• Oceanic litter is widespread

    Litter is now found in even the most remote areas of the oceans, say scientists trying to understand how much rubbish is lying at the bottom of Europe's seas. The new study, published in Plos One, shows for the first time that there seems to be no area of the ocean left untouched by human litter. Using 588 video clips collected by unmanned submarine vehicles for geological mapping and marine biology studies, the team found that plastics waste like shopping bags is the most prevalent. >> Read the Full Article
  • A Fine Line : New Program Predicts When Human Impact Becomes Too Much

    Scientists at Stanford University recently unveiled a new modeling program that can predict the response of the environment to the land-use changes of human communities. Using their model, they found that natural resources can support humanity – up to a certain point. They recently published their findings in the journal Environmental Modelling & Software. >> Read the Full Article
  • Frackable rock under groundwater aquifers raise water contamination fears

    A study by the British Geological Survey and the Environment Agency reveals that almost all the the oil and gas bearing shales in England and Wales underlie drinking water aquifers, raising fears that widespread water contamination could occur. The British Geological Survey (BGS) in partnership with The Environment Agency (EA) have published a map which show the depth to each shale gas and oil source rock below principal groundwater aquifers in England and Wales. >> Read the Full Article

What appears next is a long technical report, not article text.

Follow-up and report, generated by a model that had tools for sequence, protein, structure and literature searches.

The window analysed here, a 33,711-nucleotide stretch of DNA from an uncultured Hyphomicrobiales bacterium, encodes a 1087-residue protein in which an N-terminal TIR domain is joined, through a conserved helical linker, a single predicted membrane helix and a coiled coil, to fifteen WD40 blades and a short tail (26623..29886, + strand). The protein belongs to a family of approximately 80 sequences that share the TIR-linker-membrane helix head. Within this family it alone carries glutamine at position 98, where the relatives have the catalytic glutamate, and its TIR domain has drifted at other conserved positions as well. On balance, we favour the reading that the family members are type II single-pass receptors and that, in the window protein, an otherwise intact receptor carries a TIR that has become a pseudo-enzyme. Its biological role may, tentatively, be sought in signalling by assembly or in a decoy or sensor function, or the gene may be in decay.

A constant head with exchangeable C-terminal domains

• Where's the Plastic?

    According to a new study, 99% of plastic waste that enters the ocean cannot be located. While initially hearing that there's less plastic in the ocean than we believed sounds like great news, it's actually a frightening prospect. After all, if the plastic isn't in the ocean... where is it going?! A team from the University of Western Australia spent a couple of years sailing around the world in five vessels hoping to accurately record just how much plastic is actually in the ocean. Although researchers expected to discover millions of tons, they were surprised to calculate that they only calculated about 40,000 tons of plastic floating on the surface. >> Read the Full Article
  • EPA Proposes New Standards for Landfills, Hopes to Reduce Methane Emissions

    As part of the President's Climate Action Plan – Strategy to Reduce Methane Emissions, the U.S. Environmental Protection Agency (EPA) is proposing updates to its air standards for new municipal solid waste (MSW) landfills. These updates would require certain landfills to capture additional landfill gas, which would reduce emissions of methane, a potent greenhouse gas, and help further reduce pollution that harms public health. >> Read the Full Article